Accommodation in Italy

After committing themselves to moving to a new country, the most difficult decision an expat is likely to make is where to live.

Most expats rent accommodation in Italy rather than buy. In the bigger cities, prices are prohibitive and homeowners are reluctant to sell. 


Types of accommodation in Italy

Italy is a country of apartment blocks. The post-war population boom is immortalised in the thousands of pastel coloured buildings that crowd every city and town. Simply put, an expat would be hard pressed to find an Italian family living in their own detached home, let alone find one for themselves.

Detached homes in Italy are reserved for villas and farms. Most are hundreds of years old and come with a large piece of land and an equally large price tag. Often these are heritage-listed or bound by strict laws about what can and can’t be done with them. They are also usually in need of some serious renovation. 

The typical Italian apartment consists of two bedrooms with one bathroom. The size depends on the city, most apartments are not too large. 

Renting conditions are, on the whole, good. Renters have the right to demand that anything broken or run-down be fixed and, nine out 10 times, the landlord will pay for fixes themselves. However, buyers aren't as protected as renters. The majority of Italian apartment blocks were built in the 1960s and 1970s, so it is important for potential buyers to ensure they get a good and thorough building inspection before they finalise any deals. 


Finding accommodation in Italy 

It is important to know the local market when looking for a rental property in Italy. An expat could secure reasonable rent prices in cities like Perugia or Bologna, but the chances of this in Rome, Milan or Florence are very low.

Expats can find accommodation through online property listings, or through listings in local newspapers. Otherwise, new arrivals should contact local real estate agents, although agency fees can be pricey.

Expats should make sure that they meet the landlord and see their potential new home in person before committing to anything. Most legitimate landlords will, in any case, want to meet the tenant before finalising any arrangement. This makes it difficult to search for accommodation from overseas, and expats may get the best results by conducting their search while in Italy staying in short-term accommodation. 


Renting property in Italy

Most standard rental contracts are signed for a year or longer – expats on shorter stays should investigate fully furnished properties that are rented on short-term leases with utilities included in the rental price.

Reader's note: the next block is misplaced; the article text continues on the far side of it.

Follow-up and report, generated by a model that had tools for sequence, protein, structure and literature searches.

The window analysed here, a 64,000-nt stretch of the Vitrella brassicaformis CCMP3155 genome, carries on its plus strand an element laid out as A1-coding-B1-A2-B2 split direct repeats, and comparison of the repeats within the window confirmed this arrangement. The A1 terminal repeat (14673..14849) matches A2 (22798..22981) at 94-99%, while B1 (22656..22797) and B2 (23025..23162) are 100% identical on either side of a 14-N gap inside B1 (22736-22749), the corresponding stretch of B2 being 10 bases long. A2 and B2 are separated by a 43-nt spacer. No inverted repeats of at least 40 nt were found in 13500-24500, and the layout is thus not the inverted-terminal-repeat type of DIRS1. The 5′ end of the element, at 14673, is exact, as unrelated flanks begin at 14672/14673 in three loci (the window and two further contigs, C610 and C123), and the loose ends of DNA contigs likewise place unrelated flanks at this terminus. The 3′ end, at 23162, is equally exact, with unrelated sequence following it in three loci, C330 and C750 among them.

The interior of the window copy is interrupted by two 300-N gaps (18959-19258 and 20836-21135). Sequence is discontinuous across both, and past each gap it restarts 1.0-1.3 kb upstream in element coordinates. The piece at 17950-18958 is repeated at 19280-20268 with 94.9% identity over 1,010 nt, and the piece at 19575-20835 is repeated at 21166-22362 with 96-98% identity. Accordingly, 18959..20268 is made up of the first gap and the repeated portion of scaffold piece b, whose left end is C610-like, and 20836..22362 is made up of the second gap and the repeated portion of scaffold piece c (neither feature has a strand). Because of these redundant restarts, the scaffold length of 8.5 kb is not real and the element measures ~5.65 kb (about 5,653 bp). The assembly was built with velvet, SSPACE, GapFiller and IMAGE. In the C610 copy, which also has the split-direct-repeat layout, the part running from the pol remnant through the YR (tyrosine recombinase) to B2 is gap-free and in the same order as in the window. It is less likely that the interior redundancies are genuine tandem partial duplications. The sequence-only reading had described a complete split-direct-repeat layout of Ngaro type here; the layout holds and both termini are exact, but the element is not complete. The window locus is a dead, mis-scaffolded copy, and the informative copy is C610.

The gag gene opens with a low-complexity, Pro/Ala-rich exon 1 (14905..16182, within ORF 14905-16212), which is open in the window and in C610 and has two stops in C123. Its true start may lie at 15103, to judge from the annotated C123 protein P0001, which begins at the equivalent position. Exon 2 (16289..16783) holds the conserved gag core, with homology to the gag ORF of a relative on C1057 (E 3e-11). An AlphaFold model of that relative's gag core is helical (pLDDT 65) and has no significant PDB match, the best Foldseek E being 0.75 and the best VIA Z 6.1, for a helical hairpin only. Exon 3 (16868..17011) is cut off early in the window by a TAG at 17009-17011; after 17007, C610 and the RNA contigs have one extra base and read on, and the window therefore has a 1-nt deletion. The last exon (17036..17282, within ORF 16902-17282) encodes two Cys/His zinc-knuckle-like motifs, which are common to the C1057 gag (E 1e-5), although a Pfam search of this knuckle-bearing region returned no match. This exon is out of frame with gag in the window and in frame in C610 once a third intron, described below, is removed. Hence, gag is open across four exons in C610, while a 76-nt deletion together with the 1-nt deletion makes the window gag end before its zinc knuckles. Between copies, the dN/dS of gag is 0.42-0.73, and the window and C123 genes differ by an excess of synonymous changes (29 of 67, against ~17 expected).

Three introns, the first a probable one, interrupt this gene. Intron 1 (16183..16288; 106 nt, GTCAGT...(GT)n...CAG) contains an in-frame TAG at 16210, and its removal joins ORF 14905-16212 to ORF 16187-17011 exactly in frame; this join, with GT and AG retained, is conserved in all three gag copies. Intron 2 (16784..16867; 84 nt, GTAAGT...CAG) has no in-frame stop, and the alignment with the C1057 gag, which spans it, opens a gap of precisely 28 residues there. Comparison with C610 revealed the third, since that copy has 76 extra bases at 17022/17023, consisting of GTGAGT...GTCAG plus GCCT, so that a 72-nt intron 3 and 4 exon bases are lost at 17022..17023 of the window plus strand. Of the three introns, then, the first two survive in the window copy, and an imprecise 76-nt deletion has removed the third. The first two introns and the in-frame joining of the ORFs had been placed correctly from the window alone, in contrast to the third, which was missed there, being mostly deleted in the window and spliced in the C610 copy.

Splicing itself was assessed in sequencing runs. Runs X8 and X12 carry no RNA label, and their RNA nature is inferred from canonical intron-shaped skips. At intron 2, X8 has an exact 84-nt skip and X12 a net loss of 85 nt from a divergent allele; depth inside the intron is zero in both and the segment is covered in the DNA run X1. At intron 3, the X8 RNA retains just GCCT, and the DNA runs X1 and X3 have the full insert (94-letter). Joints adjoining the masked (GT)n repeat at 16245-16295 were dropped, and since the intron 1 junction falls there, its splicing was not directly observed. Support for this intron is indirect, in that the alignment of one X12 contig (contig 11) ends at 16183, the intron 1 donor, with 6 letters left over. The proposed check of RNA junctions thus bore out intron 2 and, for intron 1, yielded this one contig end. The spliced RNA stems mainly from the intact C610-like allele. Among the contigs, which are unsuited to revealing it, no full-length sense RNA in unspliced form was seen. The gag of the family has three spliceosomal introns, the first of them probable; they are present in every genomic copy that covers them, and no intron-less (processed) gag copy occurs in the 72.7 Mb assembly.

The free-market contract (contratto di libero mercato) is a direct agreement between the owner (locatore) and tenant (locatorio or conduttore). These are called ‘four plus four’ contracts (quattro più quattro) because they usually last for four years, after which they are renewed for another four years.

The more flexible convention contract (contratto di convenzione) comes in a few different forms. Among these is the residential-use contract (uso abitativo) with a minimum duration of three years and a renewable period of two years, which can be extended. If staying for a short period of time, expats should aim for a transitional use contract (uso transitoria), which is for a fixed period of one to 18 months. For this contract, tenants must prove they legitimately need temporary housing. Expats working in Rome for a limited period can prove this with a copy of their employment contract.

The convention contract is a result of the Italian government’s efforts to make more low-cost housing available and the contract follows guidelines set up by tenant associations and landlords. Owners get tax breaks in exchange for limiting how much they charge for rent – as opposed to a free-market contract, where the owner can set rent at any price. 

Some regulations apply across the board. Most expats are required to pay their own utilities and paying a three-month deposit is fairly standard. When signing an agreement, expats will have to provide copies of their passport, stay permit and banking details.

Elisa Scarton Our Expat Expert

Elisa is an Australian journalist who came to Tuscany for a year, and fell in love (how cliché?), and decided to stick around. Cutting her teeth in frenetic-paced Rome, she now writes a Tuscan travel blog and online travel guide about her new home, the infinitely beautiful Tuscan Maremma, so that others can get a taste of la dolce vita.